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Types of Dams and How They Work

Types of Dams and How They Work

Types of Dams and How They Work

There are several types of dams, and each gets constructed based on usage. In the latest report by the American Society of Civil Engineers (ASCE), there are over 90,000 dams in the United States. However, these dams have different structures and designs.

With over 90,000 dams in the U.S. with different designs and structures, it’s important to know how each dam design works before applying them for flood control. Click To Tweet

What are the different types of dams and how do they work?

A dam is a physical structure built to hold back flowing water and raise its level to form a reservoir. The water can then be used to generate hydroelectric power and irrigation. However, the various types of dams consist of different construction materials. Here are the various types of dams you’ll find in the United States.

  1. Diversion Dam
  2. Buttress Dam
  3. Embankment Dam
  4. Cofferdam
  5. Storage Dam
  6. Detention Dam
  7. Gravity Dam

1) Diversion Dam

As the name suggests, diversion dams are built to change the direction of flowing water. The dams divert water into canals, ditches, and other channels. Unlike many types of dams, diversion dams are lower in heights with smaller water storage capacities.

2) Buttress Dam

Buttress dams consist of sloping watertight decks supported by intervals of buttresses on the downstream side. There are three forms of buttress dams, including the deck type, multiple arch type, and massive head type. However, the dam uses less concrete since the upstream part is a relatively thin flat slab.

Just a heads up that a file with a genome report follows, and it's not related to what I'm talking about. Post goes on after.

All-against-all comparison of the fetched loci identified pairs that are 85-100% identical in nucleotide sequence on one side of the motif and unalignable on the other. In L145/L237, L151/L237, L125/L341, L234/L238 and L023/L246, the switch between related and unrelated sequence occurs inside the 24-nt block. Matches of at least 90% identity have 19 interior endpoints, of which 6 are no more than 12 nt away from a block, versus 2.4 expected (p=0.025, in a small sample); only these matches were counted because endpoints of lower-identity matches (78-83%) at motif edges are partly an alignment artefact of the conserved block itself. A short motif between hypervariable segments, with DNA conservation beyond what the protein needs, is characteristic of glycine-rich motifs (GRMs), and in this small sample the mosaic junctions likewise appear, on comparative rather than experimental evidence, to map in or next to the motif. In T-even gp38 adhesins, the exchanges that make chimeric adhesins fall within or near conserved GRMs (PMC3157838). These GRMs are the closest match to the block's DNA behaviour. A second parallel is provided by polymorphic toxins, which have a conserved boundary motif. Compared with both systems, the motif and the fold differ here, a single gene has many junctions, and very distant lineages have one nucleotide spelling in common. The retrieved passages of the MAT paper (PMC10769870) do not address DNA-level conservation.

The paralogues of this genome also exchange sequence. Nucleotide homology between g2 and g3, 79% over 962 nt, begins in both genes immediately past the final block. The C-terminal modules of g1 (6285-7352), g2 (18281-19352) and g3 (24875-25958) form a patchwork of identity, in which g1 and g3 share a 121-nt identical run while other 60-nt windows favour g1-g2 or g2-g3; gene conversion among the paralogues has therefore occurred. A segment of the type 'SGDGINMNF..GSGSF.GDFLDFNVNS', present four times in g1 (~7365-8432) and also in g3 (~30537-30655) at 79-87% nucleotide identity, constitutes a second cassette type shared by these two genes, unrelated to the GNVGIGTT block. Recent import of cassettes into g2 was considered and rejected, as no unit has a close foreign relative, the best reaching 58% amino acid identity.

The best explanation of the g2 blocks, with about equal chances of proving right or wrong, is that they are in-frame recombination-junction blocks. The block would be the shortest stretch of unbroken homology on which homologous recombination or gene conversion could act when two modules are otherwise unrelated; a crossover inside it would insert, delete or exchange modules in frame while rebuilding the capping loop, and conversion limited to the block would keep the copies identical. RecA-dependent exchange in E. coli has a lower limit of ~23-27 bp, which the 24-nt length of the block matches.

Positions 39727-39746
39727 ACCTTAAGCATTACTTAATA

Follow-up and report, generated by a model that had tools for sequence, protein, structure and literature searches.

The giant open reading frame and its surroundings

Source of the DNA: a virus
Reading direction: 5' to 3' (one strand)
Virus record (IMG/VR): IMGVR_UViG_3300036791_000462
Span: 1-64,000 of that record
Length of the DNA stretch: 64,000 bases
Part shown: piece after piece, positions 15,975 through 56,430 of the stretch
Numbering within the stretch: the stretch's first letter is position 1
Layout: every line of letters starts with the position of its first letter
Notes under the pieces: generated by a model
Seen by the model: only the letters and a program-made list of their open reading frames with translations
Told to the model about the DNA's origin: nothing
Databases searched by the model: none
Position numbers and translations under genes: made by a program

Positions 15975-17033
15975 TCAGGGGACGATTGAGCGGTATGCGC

3) Embankment Dam

An embankment dam is constructed using industrial waste materials or excavated natural materials, like compacted earth materials. Based on the material used during construction, there are three main embankment dams: the earth dam, hydraulic fill dam, and the rockfill dam.

4) Cofferdam

Unlike other dams, a cofferdam is a portable dam used to hold water temporarily during shoreline restoration, bridge repair, pipeline installation, and other dewatering projects. You’ll use the cofferdam to close the construction area to maintain a dry work site. It’s more efficient and environmentally friendly than traditional sandbags.

Pro Tip: The robust Aqua-Barrier® Inflatable Cofferdam is made from industrial-grade vinyl-coated polyester that is ideal for usage on all terrains and conditions. 

5) Storage Dam

As the name suggests, these dams are primarily constructed to store water during rainy seasons. These dams can also keep water for local wildlife, irrigation, and hydroelectric power generation. Storage dams are the most common types in the United States.

6) Detention Dam

A detention dam is specifically built to control flooding by catching surface runoffs and stream waters. It retains water in a reservoir to regulate the flow of water downstream, reducing flash floods. The stored water can then get released gradually.

7) Gravity Dam

A gravity dam is a massive, human-made concrete dam constructed to hold large volumes of water. It relies on the internal strength and weight for stability. So, builders have to use heavy concrete to resist the horizontal thrust of the water held back.

Choosing the Right Dam to Protect Your Business

There are various types of dams in the United States, with varying construction designs and uses. Thankfully, the barriers play significant roles in controlling floods and providing water for irrigation, hydroelectric power generation, fishing, bathing, and drinking.

Connect with us to learn more types of dams, including the masonry dam.